While the timescale of these decisions may vary according to the type of crime, they take only as long as is necessary to complete these activities. The information utilized by the offender is characteristically more circumscribed, mostly related to immediate circumstances and situations, and the factors considered are also limited, primarily concerned with the immediate tasks at hand, such as selecting a target or a crime site location. Both involvement decisions and event decisions are crime-specific, and require a separate, specific study for different crimes.
It can be recognized that the models??™ conception of crime seemed to fit some forms of offending better that others; however, they consider that, even in those offenses that appear to be pathologically motivated or impulsively executed, rational components can be identified. Even though the motivation behind some expressive crimes may be pathological, their planning and execution may, nonetheless, be highly rational. Thus, pathological crimes involve non-pathological behavior; even those committed by psychotic individuals with unfathomable motives still exhibit some elements of rationality. Violent criminals, namely sexual offenders, display a substantial degree of rationality in the commission of their crimesIn their study of the rational choices of pedophiles, Smallbone, S., Marshall, W. L., & Wortley, R. (2008) examined the decision processes underlying sexual offenses and identified a five choice-model.
First, a pedophile must choose his hunting ground, defined as the places where he is most likely to encounter potential targets. Such hunting grounds may be domestic, occupational, or public. Second, having chosen the hunting ground, the pedophile has to choose the time when he will risk an offense: children will be present in parks or on the street only for certain periods in the day, and are typically at home during the evening. Third, if the pedophile finds him in a place and at a time where children are present, he must select his target, according to its erotic value, vulnerability and familiarity. Fourth, having selected the victim, the offender has to decide on a strategy to make initial contact and then to have sexual contact with the victim.Frequently used strategies for pedophiles are manipulation, threats, coercive actions, seduction, and money. For every step of the decisional process, an assessment of the risk of negative consequences is made: what is the probability of someone interfering, of being caught, of being denunciated by the victim, of being accused, of being convicted, and of being incarcerated We conclude by stating that this decision process is related to stable personal characteristics of the offender, such as personality disorders and/or deviant sexual preferences, and to his internal scenario, including emotional states, deviant sexual fantasies, and cognitive distortions.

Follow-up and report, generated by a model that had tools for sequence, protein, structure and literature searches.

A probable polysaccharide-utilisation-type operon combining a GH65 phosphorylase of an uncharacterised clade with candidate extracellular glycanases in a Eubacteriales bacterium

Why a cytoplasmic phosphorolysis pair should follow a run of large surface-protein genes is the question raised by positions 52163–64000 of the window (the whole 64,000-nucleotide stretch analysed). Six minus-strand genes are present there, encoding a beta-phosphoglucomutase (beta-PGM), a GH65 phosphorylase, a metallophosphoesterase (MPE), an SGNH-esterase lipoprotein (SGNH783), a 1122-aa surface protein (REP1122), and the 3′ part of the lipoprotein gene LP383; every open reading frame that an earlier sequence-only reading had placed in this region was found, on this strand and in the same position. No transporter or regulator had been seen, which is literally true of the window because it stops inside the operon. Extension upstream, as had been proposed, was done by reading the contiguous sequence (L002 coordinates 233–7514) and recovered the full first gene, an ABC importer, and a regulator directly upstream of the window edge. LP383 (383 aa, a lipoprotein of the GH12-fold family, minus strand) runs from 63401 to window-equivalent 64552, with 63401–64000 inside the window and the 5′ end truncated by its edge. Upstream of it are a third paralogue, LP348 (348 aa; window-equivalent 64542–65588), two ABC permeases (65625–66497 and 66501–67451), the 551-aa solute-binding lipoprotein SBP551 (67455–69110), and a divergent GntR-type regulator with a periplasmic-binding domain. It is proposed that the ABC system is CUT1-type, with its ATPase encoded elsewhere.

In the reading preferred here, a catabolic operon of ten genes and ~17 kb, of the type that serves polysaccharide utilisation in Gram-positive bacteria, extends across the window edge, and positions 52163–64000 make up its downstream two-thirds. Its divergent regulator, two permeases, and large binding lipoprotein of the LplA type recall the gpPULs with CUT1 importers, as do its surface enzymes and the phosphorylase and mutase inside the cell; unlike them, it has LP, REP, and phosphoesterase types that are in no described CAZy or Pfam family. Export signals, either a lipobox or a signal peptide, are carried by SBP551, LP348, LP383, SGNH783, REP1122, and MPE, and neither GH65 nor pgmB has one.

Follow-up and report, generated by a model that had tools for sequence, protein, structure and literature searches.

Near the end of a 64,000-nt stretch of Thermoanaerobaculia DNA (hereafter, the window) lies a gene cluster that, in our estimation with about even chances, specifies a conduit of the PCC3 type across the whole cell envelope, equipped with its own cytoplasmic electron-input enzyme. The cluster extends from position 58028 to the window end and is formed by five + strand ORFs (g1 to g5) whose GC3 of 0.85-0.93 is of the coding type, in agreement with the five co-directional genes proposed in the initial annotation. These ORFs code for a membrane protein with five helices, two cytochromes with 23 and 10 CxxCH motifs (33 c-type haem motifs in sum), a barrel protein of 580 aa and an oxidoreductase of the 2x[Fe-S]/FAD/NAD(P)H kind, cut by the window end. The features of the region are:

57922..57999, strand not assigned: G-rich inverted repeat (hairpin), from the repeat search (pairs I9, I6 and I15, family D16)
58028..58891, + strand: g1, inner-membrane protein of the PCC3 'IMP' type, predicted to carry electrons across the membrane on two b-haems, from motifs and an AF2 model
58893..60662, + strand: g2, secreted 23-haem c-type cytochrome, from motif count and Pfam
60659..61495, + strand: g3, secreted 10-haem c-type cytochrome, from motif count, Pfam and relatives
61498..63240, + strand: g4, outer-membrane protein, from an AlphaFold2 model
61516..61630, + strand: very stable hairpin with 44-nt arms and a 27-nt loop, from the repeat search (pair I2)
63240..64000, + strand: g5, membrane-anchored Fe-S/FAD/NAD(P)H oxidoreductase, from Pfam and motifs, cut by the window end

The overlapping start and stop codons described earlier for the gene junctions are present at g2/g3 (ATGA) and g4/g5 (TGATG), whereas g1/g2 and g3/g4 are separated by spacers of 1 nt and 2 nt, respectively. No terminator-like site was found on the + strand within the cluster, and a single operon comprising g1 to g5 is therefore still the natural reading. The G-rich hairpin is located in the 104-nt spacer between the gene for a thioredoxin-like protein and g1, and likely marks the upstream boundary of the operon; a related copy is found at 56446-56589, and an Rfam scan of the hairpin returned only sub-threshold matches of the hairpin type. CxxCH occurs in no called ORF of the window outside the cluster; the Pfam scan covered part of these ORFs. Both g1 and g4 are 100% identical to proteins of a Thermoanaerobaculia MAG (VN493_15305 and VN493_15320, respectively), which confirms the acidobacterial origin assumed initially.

The rational and predetermined choice perspective does not make restrictive pronouncements regarding the nature of criminal motivation; instead, it offers a heuristic device for structuring criminological debate, a way of exploring the antecedents of criminal involvement and criminal events in terms of decision-making processes. As Burke (2005, p. 44) emphasizes, ???It is an approach that avoids the inherent tendency within the predestined actor model to treat criminals as a category of humanity apart from law-abiding citizens???.WeaknessesFurthermore, these models present a number of limitations. First, they fail to take into account the whole of the criminal event, meaning the offender, the victim, and the context, in dynamic interaction.
By assuming that the offending process is stable and will not fluctuate, they neglect to consider the influence of situational and environmental factors, as well as that of the victim??™s behavior on the shaping of the crime. Another assumption made by these models is that the offenders??™ personal characteristics, such as personality, cognition and sexual preferences are the main factors influencing the offending process, further neglecting to consider the role of situational/environmental factors. These models also assume the specialization of offenders, thus not taking into account results from criminological studies demonstrating that offenders??™ criminal careers are polymorphous. Also, these models lack detail, in that they fail to portray the complexity of each phase of the offending process. Finally, these models have neglected to include geographic factors: they have not been developed on the basis of multivariate statistical analysis; fail to take into consideration the relationships between offenders??™ criminal and geographic behavior; and assume that the individual offender??™s offending process is stable, thus clearly disregarding situational influences on criminal behavior in this light, it is important to study situational variables and their choice-structuring properties, in order to stress the distinctive nature of different person??“situation criminal interactions as the models demonstrate that offenders act differently, depending on situational cues associated with the crime.ReferenceBurke, R.
H. (2005). An introduction to criminological theory (2nd ed.).
Devon: Willan Publishing.Smallbone, S., Marshall, W. L., & Wortley, R. (2008).
Preventing child sexual abuse: Evidence, policy and practice. Devon: Willan Publishing.